By Neuroscience News
A groundbreaking international study reveals a stark reality - one in two people will grapple with a mental health disorder in their lifetime.
Leading this research, experts from The University of Queensland and Harvard Medical School analysed data from over 150,000 adults across 29 countries.
This immense study highlights the worrying prevalence of mental health issues, with half the population expected to develop at least one disorder by the age of 75.
Depression, anxiety, and specific phobias were identified as the most common mental health issues faced by people worldwide.
The study unveiled distinct gender differences in the types of disorders most commonly experienced, with alcohol abuse prominent in men and PTSD in women.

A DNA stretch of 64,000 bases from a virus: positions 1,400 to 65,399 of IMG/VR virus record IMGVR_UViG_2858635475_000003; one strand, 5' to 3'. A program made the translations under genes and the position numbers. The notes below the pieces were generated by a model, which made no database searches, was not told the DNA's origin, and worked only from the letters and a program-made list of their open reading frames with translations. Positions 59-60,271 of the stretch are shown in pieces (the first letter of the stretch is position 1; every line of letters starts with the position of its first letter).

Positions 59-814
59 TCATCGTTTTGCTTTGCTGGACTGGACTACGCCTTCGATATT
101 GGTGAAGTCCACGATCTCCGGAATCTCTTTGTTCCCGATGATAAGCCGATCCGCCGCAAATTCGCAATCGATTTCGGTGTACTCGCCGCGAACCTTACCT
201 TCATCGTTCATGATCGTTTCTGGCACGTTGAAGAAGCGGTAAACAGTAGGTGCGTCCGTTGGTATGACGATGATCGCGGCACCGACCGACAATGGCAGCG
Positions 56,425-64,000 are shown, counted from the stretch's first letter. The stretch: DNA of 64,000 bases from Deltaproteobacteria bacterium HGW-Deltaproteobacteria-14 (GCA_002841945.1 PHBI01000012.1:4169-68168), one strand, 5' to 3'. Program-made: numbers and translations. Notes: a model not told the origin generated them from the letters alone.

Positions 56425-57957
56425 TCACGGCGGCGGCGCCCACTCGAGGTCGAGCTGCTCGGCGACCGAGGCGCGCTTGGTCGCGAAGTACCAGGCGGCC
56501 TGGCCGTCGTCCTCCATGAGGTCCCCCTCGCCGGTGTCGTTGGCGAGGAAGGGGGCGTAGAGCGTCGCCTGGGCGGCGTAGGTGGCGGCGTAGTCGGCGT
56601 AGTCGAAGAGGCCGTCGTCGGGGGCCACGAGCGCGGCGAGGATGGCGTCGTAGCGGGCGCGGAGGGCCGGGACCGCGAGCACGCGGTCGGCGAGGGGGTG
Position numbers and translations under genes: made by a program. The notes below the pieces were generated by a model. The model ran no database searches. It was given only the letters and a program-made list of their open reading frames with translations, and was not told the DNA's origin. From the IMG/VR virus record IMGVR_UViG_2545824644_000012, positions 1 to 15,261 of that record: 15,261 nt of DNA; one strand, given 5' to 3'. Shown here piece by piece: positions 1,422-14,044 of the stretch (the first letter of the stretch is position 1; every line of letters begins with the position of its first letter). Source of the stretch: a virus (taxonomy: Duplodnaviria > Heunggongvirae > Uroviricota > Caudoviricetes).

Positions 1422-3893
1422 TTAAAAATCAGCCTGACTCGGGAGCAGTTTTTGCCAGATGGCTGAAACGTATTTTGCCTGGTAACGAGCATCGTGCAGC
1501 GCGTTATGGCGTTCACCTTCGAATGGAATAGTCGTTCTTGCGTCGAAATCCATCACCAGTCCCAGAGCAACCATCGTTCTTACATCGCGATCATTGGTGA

Most mental health disorders first surface during childhood, adolescence, or early adulthood, with 15 being the peak age of first onset.
The findings stress the need for investment in mental health services, particularly those targeting young people at critical stages in their lives.
With this understanding of when disorders commonly arise, resources can be allocated more effectively, offering timely support to those at risk.